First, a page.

Jim Mone / AP
Poet Robert Bly, a tireless advocate of his art form, which over half a century transformed American poetry and also played a central role in the controversial men’s movement, died on Sunday. He was 94 years old.
Bly’s death was confirmed on Monday by her friend, neighbor and fellow poet, James Lenfestey. The cause of death was not immediately known.
Bly, who lived in Minneapolis, had been out of public sight for nearly a decade before his death.
Bly argued in his 1990 book, Iron John: A Book About Men, that society disconnects men from their feelings, and he knew he could rub people the wrong way. “I remember people wanting to kill me, but it’s not unusual,” he said in 2010.
He was a brash farm boy from southern Minnesota who served in the Navy, then went to Harvard with poet Donald Hall and author George Plimpton. After graduating in 1950, he grew tired of living on the east coast and returned to the west. He earned a master’s degree in fine arts from the Iowa Writers’ Workshop, then returned to farming life in the town of Madison, Minn.
In 1958, Bly launched a literary magazine titled the fifties with his friend William Duffy. In the first issue, they laid out their credo: “The editors of this magazine think that most of the poetry published in America today is too old-fashioned. the fifties has become a must-read publication for American poetry.
Bly said he received submissions from some of the best-known poets of the time, but almost all rejected them. “Invoice [Duffy] was a genius for those rejection ballots, ”he recalls in 1999.“ He would say things like, ‘Dear Mr. Jones, these poems remind me of false teeth. Sincerely, William Duffy. ‘ Or, “Dear Mr. Jones, these poems are a bit like lettuce that has been left in the refrigerator for too long. And then we would get insulting letters and print the letters because they held more excitement and energy than the poem. “
The magazine made print poems by Gary Snyder, Denise Levertov, Allen Ginsberg and James Wright, as well as Bly’s translations of poets largely unknown to the American public – poets like Pablo Neruda, Federico García Lorca and Antonio Machado.
the fifties has also published Bly’s own poems. Daughter Mary Bly remembers her father’s long writing process: “You write a poem; you put it in a trunk; you release it a year later; you rewrite it intensely for two weeks; you put it back in the trunk; pull again. You devote months and years of your life to a single idea that turns into 16 lines. “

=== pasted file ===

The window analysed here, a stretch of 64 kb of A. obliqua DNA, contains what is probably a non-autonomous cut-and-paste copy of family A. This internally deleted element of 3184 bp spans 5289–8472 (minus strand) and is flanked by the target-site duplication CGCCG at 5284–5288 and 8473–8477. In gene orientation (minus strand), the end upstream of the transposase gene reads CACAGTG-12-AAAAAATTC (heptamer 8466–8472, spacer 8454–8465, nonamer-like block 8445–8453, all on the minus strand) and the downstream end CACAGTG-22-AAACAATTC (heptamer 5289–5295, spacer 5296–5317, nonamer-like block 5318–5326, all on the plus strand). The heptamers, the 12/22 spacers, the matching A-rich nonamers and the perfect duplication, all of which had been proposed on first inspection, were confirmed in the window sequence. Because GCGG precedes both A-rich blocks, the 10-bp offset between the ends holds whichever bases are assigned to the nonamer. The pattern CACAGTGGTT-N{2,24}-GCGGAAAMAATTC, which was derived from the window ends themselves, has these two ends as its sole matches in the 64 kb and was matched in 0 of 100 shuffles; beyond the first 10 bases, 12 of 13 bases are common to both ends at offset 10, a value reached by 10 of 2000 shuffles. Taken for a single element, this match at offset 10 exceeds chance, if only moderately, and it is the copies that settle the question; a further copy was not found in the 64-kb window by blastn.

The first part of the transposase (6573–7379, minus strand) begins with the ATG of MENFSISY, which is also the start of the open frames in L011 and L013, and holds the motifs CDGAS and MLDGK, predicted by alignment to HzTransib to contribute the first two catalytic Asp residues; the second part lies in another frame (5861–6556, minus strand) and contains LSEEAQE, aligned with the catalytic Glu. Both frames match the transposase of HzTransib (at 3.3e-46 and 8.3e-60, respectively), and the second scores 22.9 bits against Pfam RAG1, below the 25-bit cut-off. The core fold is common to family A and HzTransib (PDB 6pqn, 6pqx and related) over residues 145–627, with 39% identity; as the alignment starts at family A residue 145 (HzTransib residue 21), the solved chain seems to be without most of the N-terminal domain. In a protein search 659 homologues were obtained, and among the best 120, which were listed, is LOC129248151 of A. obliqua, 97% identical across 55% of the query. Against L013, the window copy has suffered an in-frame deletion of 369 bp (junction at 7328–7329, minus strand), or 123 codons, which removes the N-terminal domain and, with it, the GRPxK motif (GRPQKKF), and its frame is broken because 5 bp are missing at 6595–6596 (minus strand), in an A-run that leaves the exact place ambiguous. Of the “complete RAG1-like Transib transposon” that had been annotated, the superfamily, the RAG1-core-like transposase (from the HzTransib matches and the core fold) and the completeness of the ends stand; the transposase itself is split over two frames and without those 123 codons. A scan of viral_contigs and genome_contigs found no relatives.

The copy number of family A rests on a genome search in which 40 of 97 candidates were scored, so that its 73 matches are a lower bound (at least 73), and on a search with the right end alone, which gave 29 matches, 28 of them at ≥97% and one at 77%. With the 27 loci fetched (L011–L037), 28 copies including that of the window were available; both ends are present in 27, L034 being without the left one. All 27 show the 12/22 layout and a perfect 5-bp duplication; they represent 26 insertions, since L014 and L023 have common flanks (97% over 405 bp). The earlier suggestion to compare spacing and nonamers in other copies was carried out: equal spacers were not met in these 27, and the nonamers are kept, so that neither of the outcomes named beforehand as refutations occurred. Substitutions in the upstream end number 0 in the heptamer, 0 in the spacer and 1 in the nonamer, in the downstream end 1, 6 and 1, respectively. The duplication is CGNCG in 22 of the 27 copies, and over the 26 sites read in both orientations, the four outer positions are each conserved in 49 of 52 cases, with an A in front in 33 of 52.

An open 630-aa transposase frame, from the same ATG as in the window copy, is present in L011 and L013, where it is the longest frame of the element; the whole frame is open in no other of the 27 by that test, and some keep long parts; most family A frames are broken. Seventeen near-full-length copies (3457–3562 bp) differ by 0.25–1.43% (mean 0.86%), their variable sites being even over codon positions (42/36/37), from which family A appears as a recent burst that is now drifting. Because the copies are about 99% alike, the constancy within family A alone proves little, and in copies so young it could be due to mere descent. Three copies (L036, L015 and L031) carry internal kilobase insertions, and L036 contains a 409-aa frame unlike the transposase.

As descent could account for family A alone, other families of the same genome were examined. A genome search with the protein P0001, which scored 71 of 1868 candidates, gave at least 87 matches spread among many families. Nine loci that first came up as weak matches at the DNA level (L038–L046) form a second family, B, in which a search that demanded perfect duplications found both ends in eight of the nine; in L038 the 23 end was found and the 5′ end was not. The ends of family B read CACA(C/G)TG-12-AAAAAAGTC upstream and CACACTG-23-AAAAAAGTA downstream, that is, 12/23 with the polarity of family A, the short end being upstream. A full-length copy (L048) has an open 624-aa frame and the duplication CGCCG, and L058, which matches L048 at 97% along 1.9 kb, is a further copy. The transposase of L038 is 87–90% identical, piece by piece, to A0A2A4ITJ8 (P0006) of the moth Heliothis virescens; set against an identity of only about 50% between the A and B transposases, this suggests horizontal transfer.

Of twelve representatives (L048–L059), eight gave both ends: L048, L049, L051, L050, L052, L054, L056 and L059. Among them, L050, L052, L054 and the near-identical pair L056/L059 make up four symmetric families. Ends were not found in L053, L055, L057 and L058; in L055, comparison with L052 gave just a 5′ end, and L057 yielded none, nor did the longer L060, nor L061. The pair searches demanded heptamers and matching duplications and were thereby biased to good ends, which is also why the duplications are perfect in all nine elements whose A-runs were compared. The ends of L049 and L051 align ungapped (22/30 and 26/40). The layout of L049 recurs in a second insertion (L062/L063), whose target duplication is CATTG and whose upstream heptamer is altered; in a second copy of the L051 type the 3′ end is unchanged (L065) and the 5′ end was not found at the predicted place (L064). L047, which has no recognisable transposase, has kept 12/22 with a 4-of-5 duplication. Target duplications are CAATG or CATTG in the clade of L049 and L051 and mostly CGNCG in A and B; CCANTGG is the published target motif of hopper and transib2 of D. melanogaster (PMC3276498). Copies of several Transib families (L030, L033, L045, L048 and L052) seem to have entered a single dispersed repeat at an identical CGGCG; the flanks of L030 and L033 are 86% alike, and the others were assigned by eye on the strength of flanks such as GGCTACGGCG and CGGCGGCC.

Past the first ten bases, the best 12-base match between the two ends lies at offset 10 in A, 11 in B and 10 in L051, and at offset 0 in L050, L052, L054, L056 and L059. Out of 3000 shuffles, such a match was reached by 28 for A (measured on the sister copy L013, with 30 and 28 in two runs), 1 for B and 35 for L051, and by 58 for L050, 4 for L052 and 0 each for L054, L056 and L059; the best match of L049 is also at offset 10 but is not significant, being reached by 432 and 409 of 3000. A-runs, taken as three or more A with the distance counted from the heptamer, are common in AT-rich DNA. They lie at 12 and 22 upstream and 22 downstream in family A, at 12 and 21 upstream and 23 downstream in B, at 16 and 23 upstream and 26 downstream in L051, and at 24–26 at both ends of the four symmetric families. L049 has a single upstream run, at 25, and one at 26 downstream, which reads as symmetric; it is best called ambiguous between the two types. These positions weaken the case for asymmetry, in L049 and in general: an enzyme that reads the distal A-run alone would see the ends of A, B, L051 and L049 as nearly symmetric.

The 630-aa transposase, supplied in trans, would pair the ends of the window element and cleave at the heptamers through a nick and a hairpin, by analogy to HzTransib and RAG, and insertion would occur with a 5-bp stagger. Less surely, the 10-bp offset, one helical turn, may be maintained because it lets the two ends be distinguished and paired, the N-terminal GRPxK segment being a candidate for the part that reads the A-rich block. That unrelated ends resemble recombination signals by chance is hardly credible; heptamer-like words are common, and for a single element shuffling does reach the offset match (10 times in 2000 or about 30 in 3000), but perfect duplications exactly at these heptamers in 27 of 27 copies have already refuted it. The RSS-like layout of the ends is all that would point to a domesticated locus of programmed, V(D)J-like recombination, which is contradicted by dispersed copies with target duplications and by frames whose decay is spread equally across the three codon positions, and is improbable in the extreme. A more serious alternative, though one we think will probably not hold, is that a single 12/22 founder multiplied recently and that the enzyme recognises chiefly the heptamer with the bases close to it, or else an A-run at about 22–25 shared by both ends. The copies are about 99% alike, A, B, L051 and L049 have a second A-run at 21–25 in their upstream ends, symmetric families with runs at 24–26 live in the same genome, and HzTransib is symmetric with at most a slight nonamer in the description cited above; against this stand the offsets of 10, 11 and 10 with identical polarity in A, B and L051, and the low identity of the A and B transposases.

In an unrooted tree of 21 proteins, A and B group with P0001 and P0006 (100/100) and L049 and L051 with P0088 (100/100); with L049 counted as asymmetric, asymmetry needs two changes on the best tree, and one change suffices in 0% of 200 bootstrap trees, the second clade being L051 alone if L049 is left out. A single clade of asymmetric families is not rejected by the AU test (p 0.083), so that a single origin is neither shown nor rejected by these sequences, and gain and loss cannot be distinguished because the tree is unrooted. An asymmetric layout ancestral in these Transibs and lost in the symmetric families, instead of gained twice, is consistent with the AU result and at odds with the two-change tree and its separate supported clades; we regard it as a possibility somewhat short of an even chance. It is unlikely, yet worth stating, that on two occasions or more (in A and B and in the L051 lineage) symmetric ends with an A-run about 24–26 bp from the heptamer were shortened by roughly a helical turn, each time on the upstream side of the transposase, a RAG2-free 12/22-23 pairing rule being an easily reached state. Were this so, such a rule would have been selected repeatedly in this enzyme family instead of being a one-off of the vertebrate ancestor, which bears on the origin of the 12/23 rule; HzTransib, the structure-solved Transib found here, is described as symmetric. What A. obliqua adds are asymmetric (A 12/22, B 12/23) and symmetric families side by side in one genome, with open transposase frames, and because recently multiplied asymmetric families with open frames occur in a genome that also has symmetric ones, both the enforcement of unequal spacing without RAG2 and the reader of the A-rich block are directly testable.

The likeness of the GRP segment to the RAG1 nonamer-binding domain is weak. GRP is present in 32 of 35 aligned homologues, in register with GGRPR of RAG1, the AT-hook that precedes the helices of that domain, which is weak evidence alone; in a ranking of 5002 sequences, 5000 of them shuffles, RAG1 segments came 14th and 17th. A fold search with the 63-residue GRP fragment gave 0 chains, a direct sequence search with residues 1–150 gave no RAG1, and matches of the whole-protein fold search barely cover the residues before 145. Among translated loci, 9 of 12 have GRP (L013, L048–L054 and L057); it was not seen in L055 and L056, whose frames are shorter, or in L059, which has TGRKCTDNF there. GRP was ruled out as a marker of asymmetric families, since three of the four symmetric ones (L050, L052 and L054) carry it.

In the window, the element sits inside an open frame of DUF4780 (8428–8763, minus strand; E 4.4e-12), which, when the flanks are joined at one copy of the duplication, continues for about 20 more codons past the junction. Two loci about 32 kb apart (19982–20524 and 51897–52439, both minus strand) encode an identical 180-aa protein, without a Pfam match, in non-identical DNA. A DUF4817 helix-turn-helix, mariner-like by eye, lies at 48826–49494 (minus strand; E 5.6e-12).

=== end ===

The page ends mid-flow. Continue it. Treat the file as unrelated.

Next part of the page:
Bly won a National Book Award in 1968 and has become a very public advocate of poetry. In 2009, Lenfestey organized a conference to explore the influence of the poet. He said at the time that Bly “really changed the way poetry is read and heard in America. It would draw huge crowds, in some cases, you know, thousands of people sprawling across the hills of California. . “
In the mid-1960s, Bly co-founded American Writers Against the Vietnam War, and some have speculated that his activism was the reason he never became an American poet.
Bly was particularly interested in the deep meanings of fairy tales and the roots of gender roles in modern society. The two came together in Iron John: A Book About Men, in which the poet used a tale from the Brothers Grimm to claim that society disconnects men from their deep feelings and emotions, and that this causes problems for everyone.
“There is a tremendous amount of depreciation of men that has been going on in our culture for a long time,” he said in an interview in the mid-1990s.
The book, focused on helping men be more sensitive, spent 62 weeks on The New York Times bestseller list and has become a focus of the nascent male movement. It gained media attention, but was also criticized as being anti-women. Bly and his supporters denied this, and he continued to write until he was 80.
Admirers consider Bly’s latest poems among his best. Bly himself cited his 2011 poem “Keeping Our Small Boat Afloat” to describe his feelings about aging: “Each of us deserves to be forgiven,” he said, “if only for / Our persistence in keeping our little boat afloat / When so many have fallen in the storm. “
As cantankerous as Bly can be at times, his second wife, Ruth, once said he always smiles when he writes poetry.